Concentration of CO2 in the Atmosphere

Proterra’s All Electric Bus

Charges in Ten Minutes

electric bus at a charging station. Photo by SanJoaquinRTD

electric bus at a charging station. Photo by SanJoaquinRTD

By George Harvey

While a lot of attention has been given to Teslas and Nissan Leafs, we should really look at electric busses. One company in particular, Proterra, is making a lot of progress with such vehicles.

Proterra is not just building electric buses. They are setting records. Earlier this year, Proterra had an electric bus go 700 miles in one 24-hour period, and they believe this is a record. It did stop for recharging along the way, but the bus recharges in about 10 minutes, an amount of time a bus might typically stand idle at a terminal while the driver takes a break. And, the air conditioning was on for the test.

There is more to be said about the Proterra, however. For one thing, it can compete successfully with buses powered by diesel and compressed natural gas (CNG). The initial cost of the Proterra is a bit high, compared to conventionally powered buses, but this is more than made up for by reduced maintenance and fuel costs.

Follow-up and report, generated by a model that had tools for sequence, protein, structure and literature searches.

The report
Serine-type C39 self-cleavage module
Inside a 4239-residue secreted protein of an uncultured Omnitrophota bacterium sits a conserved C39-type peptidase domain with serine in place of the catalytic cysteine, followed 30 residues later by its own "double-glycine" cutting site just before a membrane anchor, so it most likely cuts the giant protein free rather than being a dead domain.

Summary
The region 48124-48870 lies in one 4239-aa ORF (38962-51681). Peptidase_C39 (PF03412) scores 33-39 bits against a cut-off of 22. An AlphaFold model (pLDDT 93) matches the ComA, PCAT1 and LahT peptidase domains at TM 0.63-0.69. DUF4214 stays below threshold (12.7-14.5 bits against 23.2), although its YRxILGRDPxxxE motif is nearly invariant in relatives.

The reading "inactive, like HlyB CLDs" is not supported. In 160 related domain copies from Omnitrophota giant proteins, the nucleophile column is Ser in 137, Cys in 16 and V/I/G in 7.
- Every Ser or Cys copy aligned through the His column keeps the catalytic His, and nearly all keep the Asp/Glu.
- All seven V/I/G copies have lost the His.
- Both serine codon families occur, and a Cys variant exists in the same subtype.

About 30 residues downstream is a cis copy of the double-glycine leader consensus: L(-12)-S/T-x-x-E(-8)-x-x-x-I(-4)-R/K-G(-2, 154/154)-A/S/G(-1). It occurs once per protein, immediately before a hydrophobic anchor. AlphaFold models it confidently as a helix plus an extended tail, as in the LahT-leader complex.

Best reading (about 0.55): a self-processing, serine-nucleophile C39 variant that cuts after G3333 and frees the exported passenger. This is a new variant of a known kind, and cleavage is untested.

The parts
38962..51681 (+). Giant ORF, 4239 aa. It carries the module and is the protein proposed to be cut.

The Proterra has a much simpler drivetrain than is required by either diesel-powered or CNG-powered buses. Motors are far simpler than internal combustion engines, and getting power from the motor to the wheels requires a much simpler mechanical system than a typical transmission. Because maintenance is simpler, its cost over the life of the vehicle is far lower.

The cost of electricity to drive a mile is very low, compared to the cost of CNG or diesel fuel. Proterra says the cost of fuel to drive a diesel bus a mile is about $1.03. By choosing the more complex hybrid technology, this can be cut to $0.76. A bus running on CNG costs about $0.71 pre mile to run. By contrast, the Proterra costs about $0.19 per mile.

Overall, the lifetime cost of a Proterra bus is $365,000 less than that of a diesel bus, and $225,000 less than that of one powered by CNG. These figures do not take into account the difference in costs of pollution, and those are far lower for electric vehicles than for those powered by fossil fuels.

Another problem with conventionally-powered buses is that they are noisy. On the other hand, the Proterra is not. And since noise is a serious problem in urban environments where buses are used a lot, the issue is important.

Proterra has been making buses since 2004, but in the short time of ten years the company has established a broad customer base, mostly in the South and on the West Coast. Six buses have been put on the road in Worcester, Massachusetts, however, and these seem to be doing well, despite the winter weather. We might think they could do well in Vermont and New Hampshire.

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